Late last year, at a small Midwestern college, an intruder entered a residence hall and assaulted a student while she was showering. This ugly incident sent shock waves through universities across the nation, prompting facility management and security departments to reassess their access control needs for common rooms.
For TFM‘s coverage of this issue, see “The Path of Most Resistance” by Brian Kraemer.
“For campus security officials, student safety is the number one priority,” says David Handy, housing division lock shop supervisor for the University of Virginia. “When we heard about this incident in the Midwest, we immediately conducted a review of the access control systems in the residence halls at UVA and asked our access control suppliers to propose solutions for additional locks on our bathroom and student lounge doors. Outside entrances were already secured by magnetic card locks – only the students who lived in those halls could get in. And, of course, the private student living quarters were also secured.”
Tom Ashbrook, Kaba representative for the Virginia territory says, “One of the unique problems in securing the common areas of residence halls is that you don’t want students to have to bring a key or ID card with them every time they go to watch TV or use the bathroom. That’s one of the reasons these areas haven’t traditionally been locked down. A PIN-based lock solves that problem right off the bat. Plus, it can give you a fully featured system that’s very easy to manage. Some models even allow you to program in holiday blocks, which can be very useful in a university setting, where some buildings are closed to everyone but staff for weeks at a time.
Handy adds that a PIN-based systems allows them to “assign unique PINs when we issue the student ID, and if we ever need to change a PIN, we make the update on our computer here in the central office, download it to a Palm® based PDA, and beam it up to the affected locks through infrared data transfer. Plus, we get vastly improved security monitoring. Each lock maintains a complete audit report, and a quick download to the PDA gives us the date and time of every access event.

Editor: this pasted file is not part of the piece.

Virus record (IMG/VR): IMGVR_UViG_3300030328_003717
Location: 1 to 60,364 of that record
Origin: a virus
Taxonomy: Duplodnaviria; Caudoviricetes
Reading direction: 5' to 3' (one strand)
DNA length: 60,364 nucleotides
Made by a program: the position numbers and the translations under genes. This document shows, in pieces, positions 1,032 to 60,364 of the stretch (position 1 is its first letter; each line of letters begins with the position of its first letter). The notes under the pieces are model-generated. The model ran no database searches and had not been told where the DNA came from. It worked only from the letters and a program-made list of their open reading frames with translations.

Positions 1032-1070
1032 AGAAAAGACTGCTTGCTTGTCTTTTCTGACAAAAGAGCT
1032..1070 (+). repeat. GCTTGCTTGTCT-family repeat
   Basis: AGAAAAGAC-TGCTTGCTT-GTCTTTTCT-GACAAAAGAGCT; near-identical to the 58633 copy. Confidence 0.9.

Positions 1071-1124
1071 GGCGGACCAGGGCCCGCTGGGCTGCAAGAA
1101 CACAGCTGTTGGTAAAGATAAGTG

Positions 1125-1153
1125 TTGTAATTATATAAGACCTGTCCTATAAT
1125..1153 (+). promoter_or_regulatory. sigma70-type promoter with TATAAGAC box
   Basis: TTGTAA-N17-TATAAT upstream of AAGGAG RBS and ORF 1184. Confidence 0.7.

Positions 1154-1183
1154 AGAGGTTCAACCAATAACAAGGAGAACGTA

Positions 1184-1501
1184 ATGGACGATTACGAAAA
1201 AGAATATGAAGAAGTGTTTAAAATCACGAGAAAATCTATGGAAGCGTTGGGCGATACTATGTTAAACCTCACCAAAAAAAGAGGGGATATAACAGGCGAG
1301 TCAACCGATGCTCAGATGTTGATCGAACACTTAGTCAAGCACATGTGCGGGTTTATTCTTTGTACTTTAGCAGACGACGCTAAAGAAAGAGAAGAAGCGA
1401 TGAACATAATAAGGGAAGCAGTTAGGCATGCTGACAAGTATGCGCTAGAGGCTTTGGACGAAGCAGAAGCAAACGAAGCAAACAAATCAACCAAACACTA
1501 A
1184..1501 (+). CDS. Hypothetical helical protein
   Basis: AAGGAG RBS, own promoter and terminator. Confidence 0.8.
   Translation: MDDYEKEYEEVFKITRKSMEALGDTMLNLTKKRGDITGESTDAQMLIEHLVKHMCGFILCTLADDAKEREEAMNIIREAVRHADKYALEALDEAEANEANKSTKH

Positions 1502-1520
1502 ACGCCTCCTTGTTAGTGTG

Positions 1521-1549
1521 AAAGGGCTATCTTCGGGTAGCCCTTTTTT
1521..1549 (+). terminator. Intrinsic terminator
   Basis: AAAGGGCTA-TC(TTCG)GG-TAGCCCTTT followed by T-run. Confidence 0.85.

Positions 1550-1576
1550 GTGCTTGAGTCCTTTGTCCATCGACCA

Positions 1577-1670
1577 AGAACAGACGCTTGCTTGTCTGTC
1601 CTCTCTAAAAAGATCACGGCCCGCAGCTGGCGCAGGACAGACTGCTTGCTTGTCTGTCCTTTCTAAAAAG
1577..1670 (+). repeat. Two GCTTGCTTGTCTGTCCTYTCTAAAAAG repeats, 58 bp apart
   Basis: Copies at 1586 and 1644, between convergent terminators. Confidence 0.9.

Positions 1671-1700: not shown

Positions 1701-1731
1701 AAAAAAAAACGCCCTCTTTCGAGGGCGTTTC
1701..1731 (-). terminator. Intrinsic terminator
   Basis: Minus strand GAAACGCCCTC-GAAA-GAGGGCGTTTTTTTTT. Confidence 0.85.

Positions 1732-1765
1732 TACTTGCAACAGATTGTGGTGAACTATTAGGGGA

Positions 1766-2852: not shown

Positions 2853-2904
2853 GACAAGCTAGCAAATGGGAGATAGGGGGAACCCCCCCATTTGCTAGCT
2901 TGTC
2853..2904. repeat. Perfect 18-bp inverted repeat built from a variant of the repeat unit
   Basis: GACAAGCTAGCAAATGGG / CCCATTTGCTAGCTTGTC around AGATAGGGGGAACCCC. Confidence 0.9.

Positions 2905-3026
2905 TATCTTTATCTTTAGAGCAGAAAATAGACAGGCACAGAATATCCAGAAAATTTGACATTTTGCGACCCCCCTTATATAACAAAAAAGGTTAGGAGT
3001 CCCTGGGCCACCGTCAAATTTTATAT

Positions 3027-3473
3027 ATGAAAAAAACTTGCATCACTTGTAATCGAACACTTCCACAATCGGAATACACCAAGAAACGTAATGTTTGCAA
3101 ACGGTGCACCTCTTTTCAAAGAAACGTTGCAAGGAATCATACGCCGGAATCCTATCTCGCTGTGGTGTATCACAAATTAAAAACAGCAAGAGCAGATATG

“When we implemented this system, we put in 200 new locks,” explains Handy, “and the installation went without a hitch. The model we selected (Kaba’s E-Plex) is field-handed, so we didn’t have to go around and count our right- and left-hand entrances before ordering. With models for cylindrical, mortise, and all of the major exit devices, we could use the E-Plex at every entry point. The additional hardware needed to fit different door thicknesses is right there in the box, which really helps save time and frustration. The retrofit was so easy some of our doors didn’t even have to be re-drilled. Kaba’s new Lectrobolt® technology saved us from having to run wire through the doors; the power actually runs through a single bolt that’s one of the mounting throughbolts. This gives us all the sophisticated features of an electronic lock with the simple installation of a mechanical lock.”
“We also make it easy to match your existing master lock system,” says Ashbrook. “Kaba accepts more different types of cylinders than any other brand and provides multiple key override options. The Lectrobolt completely eliminates the problem of pinched wires at installation, which is a major cause of failure in competitive electronic technology. Plus, the E-Plex housing is exceptionally durable, which is a real necessity in high-use applications like university residence halls. And it’s designed with weather resistance capabilities that allow it to be used in outdoor applications without additional installation gaskets, so the moisture issues associated with a bathroom installation should be no problem.”
“The reliability has been solid,” concludes Handy. “So far, we’ve installed 250 locks with 100% success.”